The Supreme Court's decision in Obergefell v. Hodges in June 2015 provided a dramatic turn in America's ongoing debate over same-sex marriage. Justice Kennedy's opinion speaks in emotionally evocative terms about the compelling societal and personal significance of marriage, holding that the right to marry is a fundamental right under the Fourteenth Amendment, a right that extends to same-sex couples. Justice Kennedy's rhetoric about the importance of marriage is noteworthy, even curious, given marriage's steady decline over the past 50 years. Just when it seemed that marriage was losing its significance in our society-because marriages are more easily ended, because alternatives to marriage have been created, and because fewer and fewer couples are choosing to formalize their relationships with marriage in the first place.
But Justice Kennedy's opinion strongly reinforces the idea that marriage remains relevant today, that it is something to be encouraged, revered, and protected. The proliferation of alternatives to marriage in recent years-e.g. civil unions, domestic partnerships and designated beneficiaries-has certainly contributed to the ongoing erosion of marriage as a meaningful legal institution, but because these options were created mostly to accommodate same-sex couples, who now have full access to marriage, one might argue that they are no longer needed. Clarity in the law will benefit from a return to bright-line rules, where nothing less than marriage itself qualifies individuals to enjoy and claim (1) legal status as a couple, gay or straight, and (2) the benefits that come with such recognition. At the same time, this would better serve the state's stated interest in promoting the security and stability of family relationships. Defenders of traditional marriage, or, those who believe that marriage is or should be meaningful, should seize the opening that Justice Kennedy's opinion has given them, and breathe new life into the institution of marriage by lobbying to eliminate its alternatives. In this sense, the Obergefell decision may not signal traditional marriage's demise as much as its rebirth, in an incarnation that is at once more inclusive and more robust.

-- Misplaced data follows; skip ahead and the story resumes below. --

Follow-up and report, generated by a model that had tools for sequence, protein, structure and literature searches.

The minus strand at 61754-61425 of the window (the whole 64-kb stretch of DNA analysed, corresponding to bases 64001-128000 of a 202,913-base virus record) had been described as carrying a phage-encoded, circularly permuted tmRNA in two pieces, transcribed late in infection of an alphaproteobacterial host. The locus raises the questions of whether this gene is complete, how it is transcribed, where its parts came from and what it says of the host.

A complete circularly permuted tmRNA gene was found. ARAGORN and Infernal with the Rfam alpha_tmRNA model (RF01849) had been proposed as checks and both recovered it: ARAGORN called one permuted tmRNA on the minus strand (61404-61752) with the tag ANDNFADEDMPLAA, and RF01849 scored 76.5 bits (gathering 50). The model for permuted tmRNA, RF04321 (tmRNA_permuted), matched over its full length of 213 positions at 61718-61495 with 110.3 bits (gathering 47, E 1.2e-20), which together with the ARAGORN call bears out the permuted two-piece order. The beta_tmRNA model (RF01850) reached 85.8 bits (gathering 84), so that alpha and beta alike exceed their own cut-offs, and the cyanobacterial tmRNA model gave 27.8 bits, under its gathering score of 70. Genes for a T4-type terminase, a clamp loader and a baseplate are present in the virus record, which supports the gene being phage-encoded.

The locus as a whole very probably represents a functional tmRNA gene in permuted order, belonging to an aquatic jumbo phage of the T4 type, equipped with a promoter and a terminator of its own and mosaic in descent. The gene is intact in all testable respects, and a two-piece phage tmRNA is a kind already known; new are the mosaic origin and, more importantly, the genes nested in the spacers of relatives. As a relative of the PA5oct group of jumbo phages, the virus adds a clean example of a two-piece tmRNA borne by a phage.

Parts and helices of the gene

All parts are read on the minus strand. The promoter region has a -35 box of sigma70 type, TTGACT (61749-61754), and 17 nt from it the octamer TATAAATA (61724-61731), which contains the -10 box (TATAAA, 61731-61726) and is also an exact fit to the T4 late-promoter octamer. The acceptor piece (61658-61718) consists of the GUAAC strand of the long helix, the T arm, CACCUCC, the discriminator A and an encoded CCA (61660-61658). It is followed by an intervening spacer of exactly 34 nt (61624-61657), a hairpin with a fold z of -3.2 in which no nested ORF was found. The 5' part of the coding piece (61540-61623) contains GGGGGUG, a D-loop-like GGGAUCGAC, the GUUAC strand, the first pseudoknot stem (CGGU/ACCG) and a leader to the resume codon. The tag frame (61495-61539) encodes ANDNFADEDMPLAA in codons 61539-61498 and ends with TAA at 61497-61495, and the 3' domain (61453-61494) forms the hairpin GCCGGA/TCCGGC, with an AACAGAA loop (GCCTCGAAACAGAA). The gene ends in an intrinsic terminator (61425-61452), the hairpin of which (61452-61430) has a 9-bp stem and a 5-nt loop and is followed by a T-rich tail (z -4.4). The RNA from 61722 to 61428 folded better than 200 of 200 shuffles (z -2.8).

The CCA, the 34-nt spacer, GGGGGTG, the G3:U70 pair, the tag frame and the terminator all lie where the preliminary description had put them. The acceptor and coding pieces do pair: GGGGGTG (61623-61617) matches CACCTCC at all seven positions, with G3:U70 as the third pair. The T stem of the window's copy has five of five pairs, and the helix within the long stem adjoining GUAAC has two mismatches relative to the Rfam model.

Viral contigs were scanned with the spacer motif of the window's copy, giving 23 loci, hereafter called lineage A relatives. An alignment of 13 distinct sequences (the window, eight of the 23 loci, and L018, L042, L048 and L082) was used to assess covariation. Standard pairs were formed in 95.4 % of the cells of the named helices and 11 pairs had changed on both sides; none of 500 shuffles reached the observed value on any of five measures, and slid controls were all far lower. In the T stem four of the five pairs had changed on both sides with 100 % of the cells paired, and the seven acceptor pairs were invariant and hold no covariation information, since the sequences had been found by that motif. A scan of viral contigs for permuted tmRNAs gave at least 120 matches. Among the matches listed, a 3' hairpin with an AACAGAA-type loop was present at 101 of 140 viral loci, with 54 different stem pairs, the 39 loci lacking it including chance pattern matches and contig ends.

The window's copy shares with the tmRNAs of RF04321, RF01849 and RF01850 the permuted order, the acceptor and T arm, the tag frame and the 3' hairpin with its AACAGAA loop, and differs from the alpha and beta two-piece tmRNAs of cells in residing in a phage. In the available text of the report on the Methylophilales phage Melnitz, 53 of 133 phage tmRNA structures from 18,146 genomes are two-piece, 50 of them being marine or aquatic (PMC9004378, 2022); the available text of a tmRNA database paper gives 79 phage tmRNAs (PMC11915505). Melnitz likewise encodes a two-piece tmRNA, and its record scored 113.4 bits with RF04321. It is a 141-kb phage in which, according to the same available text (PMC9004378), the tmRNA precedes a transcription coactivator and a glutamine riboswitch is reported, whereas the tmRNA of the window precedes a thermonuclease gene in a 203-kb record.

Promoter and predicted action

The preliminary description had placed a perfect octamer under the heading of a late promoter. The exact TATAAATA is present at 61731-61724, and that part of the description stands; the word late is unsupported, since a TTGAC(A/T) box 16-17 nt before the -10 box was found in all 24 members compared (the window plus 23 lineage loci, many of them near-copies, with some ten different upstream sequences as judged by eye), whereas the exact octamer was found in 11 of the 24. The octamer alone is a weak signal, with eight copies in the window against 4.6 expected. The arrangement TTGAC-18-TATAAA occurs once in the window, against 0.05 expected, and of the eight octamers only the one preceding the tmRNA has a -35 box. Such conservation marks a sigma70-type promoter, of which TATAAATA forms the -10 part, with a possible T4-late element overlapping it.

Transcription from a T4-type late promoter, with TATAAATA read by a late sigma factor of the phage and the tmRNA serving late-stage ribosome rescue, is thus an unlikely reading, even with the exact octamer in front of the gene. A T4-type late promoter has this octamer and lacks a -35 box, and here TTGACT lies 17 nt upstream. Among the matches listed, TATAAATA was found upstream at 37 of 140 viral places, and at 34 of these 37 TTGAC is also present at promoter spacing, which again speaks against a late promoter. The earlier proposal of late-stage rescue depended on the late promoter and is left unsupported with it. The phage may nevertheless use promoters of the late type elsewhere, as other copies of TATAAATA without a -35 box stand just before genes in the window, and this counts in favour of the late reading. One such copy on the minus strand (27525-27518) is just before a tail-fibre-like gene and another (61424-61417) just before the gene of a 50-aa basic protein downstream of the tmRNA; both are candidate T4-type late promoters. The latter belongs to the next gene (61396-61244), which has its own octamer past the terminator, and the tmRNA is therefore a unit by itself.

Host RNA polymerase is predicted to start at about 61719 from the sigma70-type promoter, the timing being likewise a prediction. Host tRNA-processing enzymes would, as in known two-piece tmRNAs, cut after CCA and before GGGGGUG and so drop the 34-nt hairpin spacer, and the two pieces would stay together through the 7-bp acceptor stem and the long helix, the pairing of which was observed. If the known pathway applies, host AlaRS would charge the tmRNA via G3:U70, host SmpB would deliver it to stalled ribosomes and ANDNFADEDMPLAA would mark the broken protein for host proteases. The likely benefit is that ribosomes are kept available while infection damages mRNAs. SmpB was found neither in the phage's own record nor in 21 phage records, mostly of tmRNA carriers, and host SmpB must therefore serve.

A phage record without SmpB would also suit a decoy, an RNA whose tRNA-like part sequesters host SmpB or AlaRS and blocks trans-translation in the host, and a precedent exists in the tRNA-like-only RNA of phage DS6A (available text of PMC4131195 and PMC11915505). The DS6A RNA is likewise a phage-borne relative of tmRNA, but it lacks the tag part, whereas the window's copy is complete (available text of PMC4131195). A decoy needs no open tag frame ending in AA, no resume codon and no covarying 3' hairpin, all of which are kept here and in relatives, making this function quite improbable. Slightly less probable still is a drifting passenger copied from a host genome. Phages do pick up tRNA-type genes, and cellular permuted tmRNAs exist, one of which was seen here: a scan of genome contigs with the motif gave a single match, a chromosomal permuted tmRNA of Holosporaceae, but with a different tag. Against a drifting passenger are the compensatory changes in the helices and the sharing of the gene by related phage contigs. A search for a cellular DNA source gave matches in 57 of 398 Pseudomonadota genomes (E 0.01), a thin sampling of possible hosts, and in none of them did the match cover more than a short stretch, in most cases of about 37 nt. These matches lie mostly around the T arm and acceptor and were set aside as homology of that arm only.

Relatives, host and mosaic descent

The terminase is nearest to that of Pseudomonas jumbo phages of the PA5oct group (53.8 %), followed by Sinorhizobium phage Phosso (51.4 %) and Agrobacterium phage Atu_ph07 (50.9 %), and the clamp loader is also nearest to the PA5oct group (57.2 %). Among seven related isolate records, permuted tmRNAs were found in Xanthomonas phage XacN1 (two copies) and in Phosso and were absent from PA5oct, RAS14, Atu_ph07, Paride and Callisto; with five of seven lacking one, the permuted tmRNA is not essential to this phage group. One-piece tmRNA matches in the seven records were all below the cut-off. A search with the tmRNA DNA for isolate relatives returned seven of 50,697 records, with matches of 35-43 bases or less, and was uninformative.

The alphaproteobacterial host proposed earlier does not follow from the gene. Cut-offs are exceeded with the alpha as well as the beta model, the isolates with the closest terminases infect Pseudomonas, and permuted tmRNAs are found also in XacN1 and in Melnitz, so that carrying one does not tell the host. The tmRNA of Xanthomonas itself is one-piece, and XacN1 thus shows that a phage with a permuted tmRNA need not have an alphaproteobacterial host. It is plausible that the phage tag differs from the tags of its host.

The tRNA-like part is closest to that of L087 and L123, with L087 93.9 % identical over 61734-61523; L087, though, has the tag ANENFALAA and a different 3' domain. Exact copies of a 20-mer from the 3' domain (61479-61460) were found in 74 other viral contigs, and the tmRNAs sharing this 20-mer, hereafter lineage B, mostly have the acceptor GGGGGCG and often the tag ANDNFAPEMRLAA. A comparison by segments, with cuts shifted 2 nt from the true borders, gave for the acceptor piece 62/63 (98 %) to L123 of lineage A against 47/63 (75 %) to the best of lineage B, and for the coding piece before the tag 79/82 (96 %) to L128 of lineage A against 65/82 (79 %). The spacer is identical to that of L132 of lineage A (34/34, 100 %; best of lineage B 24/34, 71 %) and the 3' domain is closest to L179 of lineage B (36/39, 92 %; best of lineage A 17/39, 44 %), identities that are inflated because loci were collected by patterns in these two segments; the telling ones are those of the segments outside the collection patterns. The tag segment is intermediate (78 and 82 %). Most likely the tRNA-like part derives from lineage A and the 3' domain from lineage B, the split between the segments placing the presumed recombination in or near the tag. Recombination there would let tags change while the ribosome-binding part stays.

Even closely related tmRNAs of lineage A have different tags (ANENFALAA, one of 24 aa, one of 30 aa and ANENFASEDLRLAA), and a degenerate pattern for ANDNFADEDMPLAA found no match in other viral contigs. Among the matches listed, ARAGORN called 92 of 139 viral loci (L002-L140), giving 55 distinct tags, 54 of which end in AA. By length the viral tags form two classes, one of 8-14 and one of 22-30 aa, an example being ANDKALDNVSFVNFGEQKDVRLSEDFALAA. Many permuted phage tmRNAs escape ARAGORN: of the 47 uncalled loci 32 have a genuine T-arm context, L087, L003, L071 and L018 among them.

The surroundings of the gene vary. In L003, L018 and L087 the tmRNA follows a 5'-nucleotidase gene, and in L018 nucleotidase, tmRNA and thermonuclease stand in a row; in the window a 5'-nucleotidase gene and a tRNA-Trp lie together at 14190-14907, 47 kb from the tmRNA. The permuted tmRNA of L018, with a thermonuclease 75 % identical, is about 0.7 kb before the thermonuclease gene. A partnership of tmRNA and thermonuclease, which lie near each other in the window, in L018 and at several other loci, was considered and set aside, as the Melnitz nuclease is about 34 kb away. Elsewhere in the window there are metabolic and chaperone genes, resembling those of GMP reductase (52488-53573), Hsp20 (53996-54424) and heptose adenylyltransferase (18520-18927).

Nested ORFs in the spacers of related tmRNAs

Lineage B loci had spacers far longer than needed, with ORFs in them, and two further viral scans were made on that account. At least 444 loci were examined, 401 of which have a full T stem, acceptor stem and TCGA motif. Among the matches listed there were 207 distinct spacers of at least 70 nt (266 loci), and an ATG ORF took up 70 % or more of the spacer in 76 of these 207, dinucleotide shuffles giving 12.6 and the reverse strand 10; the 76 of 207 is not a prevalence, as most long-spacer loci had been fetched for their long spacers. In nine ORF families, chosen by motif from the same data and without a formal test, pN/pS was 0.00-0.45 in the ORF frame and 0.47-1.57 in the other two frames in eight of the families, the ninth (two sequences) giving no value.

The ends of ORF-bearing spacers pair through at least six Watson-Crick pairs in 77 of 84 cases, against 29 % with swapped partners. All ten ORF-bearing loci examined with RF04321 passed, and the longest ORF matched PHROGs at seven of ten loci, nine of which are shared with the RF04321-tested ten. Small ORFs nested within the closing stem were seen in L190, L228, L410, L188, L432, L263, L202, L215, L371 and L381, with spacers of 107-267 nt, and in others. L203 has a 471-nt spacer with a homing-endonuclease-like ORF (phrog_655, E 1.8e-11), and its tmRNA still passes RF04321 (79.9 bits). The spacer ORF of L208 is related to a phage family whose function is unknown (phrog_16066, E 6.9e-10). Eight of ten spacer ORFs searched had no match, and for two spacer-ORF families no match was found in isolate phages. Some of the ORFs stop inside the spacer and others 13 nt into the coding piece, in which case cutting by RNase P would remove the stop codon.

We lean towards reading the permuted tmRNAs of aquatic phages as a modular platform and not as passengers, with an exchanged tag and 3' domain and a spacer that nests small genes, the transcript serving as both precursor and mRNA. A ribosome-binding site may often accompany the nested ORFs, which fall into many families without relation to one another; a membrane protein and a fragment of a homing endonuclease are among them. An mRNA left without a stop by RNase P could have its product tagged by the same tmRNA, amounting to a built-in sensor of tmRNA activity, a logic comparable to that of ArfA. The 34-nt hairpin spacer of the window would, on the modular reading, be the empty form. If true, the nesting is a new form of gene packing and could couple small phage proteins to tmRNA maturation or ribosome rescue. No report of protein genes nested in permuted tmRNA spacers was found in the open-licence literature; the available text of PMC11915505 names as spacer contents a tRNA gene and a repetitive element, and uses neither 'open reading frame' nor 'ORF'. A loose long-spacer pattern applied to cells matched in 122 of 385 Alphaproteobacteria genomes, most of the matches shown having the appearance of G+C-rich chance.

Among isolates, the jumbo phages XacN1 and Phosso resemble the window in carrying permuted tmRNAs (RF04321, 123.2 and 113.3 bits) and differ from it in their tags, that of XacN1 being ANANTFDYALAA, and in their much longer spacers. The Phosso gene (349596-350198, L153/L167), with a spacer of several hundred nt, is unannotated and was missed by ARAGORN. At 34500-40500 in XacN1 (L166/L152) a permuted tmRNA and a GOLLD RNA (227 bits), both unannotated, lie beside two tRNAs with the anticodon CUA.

30 BYU J. of Pub. L. 251 (2015).